Thu, Mar 15, 2012
School is closed for spring break and I feel like my kids are getting dumber by the second. My 4 year old was actually wedging a stick into the couch cushions and using it to catapult underwear across the living room. His creative juices are flowing, but the flinging of underwear stops now… well, after this article is finished.
Until 5 minutes ago, I was 99% sure that the St Patrick's day originally had nothing to do with pinching strangers or dying rivers green like they do in Chicago. After 4 minutes of thorough research, I discovered that it's a an Irish religious holiday to celebrate Saint Patrick, a patron saint of Ireland. St Patrick was kidnapped at the age of sixteen and forced into slavery. He later escaped and studied to be a priest. Irish folklore says that he often used a shamrock to explain the Christian doctrine of the Trinity. Unfortunately, the famous story of him banishing snakes from Ireland is false. Patrick is regarded as the champion of Irish Christianity. Click here to read about Saint Patrick on History.com.
So why in the world do we associate leprechauns and pots of gold with St Patrick's Day? I can't seem to find a definitive answer. I suppose it's just folklore in the same way that people usually associate flying reindeer with Christmas. Leprechauns were originally depicted as little men, about 2 feet tall. They were grumpy shoe makers with pointy ears and beady eyes. They were most likely grumpy because people are always trying to steal their gold.
According to legend, if a leprechaun is caught he can be forced to reveal where his gold is hidden. Leprechauns (and kids) are hard to catch because they are fast. Once caught, you are supposed to continuously supervise him (like kids) or else the grumpy little shoe maker will vanish before you can find his gold. Note: If they're as grumpy as mythology suggests, there had better be enough gold to hire a babysitter because the last thing I need is another angry little person running around my house!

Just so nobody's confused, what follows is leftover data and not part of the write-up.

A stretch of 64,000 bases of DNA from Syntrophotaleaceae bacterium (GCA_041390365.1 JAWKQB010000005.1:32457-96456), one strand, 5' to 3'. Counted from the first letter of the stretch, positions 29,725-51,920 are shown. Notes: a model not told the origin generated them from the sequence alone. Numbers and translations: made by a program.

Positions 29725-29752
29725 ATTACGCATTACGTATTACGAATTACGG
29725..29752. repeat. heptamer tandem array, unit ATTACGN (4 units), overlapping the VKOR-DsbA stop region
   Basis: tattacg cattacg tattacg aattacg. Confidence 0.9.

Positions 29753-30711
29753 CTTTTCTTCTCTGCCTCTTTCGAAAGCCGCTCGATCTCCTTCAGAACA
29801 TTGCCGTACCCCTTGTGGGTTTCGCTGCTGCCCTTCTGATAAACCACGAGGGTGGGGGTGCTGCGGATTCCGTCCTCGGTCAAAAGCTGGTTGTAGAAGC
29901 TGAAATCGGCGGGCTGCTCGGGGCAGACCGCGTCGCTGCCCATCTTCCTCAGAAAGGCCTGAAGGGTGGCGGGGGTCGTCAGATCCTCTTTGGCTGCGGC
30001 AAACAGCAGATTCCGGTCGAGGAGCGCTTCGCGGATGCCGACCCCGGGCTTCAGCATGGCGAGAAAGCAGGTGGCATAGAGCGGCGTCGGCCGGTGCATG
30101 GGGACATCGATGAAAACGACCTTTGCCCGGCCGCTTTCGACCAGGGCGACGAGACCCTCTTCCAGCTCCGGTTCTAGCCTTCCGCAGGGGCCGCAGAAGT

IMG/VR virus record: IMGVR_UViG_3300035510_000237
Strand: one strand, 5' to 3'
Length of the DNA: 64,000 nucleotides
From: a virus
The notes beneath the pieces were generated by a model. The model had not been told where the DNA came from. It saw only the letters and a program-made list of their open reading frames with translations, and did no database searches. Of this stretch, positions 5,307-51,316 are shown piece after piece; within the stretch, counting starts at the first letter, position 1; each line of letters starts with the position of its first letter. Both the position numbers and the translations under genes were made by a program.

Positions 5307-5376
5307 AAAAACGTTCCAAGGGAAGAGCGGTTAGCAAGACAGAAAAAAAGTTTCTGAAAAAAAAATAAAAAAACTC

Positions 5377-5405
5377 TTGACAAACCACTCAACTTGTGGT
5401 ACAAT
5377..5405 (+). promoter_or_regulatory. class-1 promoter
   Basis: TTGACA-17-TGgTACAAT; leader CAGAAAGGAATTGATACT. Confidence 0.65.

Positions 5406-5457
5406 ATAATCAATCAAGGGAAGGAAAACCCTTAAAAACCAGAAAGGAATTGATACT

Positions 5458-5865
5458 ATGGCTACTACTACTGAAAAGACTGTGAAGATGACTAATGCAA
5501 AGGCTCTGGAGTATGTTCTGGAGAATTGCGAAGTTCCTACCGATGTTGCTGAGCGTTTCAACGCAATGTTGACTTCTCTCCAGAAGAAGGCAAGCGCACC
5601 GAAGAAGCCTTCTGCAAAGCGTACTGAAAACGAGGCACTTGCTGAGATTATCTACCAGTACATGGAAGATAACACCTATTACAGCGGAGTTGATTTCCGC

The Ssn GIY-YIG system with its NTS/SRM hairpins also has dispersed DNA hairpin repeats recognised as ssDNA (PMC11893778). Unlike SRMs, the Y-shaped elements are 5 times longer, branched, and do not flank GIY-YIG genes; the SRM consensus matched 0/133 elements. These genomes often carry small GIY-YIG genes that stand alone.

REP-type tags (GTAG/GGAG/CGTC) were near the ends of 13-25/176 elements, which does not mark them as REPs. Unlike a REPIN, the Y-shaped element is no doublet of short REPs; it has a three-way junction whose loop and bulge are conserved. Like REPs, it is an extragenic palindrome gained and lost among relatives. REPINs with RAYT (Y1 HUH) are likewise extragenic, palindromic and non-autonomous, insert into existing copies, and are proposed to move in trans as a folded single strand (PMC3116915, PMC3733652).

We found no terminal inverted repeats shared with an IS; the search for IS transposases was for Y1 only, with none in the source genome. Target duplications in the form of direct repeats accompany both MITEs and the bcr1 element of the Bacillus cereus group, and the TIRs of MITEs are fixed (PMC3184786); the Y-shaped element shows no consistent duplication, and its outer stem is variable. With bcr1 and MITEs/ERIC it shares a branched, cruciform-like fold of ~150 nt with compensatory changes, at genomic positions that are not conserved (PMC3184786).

Beware! According to some articles, leprechauns have cousins called cluricauns. The cluricauns are drunken little creatures who like to wreak havoc during the night. Leprechauns are just angry; cluricains are trouble makers. Personally, I'd like to avoid both sets of these angry little trolls. I already have 2 grumpy boys during the day who also wreak havoc on my sleep schedule by night. Leprechauns and cluricauns? I say no thank you!
Right now you're probably thinking, "Hey! I thought this was supposed to be an article with Boredom Busters!" It is. Sort of. Below are links to some fun activities, events and crafts to help celebrate Saint Patrick's day. Don't forget to wear green… I'm on pinch patrol this year!
Click here to read How to Catch a Leprechaun: Making a trap to catch the little grump with everyday items around the home. Click here for a poem about catching a run away leprechaun. Read it before you make the trap!
Make your very own leprechaun with an empty roll of toilet paper and a few other supplies. Don't worry if you aren't as crafty as Martha Stewart… click here for directions and a how-to video. According to the video, "Your neighbors will be green with envy when they see these tiny decorations."
The Market in Maryville is offering a special St Pat's lunch and dinner. Celebrate by having an Irish-inspired meal of corned beef with sweet and spicy mustard, cabbage and new potatoes for only $7.99.
Visit the Titanic Museum's First Annual Irish Celebration. You can actually visit this exhibit for the entire month of March. Hardworking, skilled Irish laborers helped build Titanic in Belfast. In fact, many Irish men and women served as crew on her maiden voyage. As a passenger group, the Irish outnumbered all other nationalities on board. During the month of March the museum attraction honors the Irish—the spirited, irrepressible, hardworking men and women from the Emerald Isle. Come prepared to be entertained with the music, song and folklore that accompanied these courageous souls on their voyage to America. "T’is a grand time you and your family will be havin’ here at Titanic. Be sure to be wearin’ somethin’ green."
Make potato stamps. Click here to learn how. The weather is predicted to be nice so take this activity outside and you won't have to worry about clean-up. If you are skilled with a knife, you can even carve clover shapes into the potatoes for an extra Irish flare.
Celebrate with food! You can add a ton of green food coloring to everything you make, or click here for the Top 20 St Patrick's Day Recipes from AllRecipes.com.
By Rebecca Tatum, Web Editor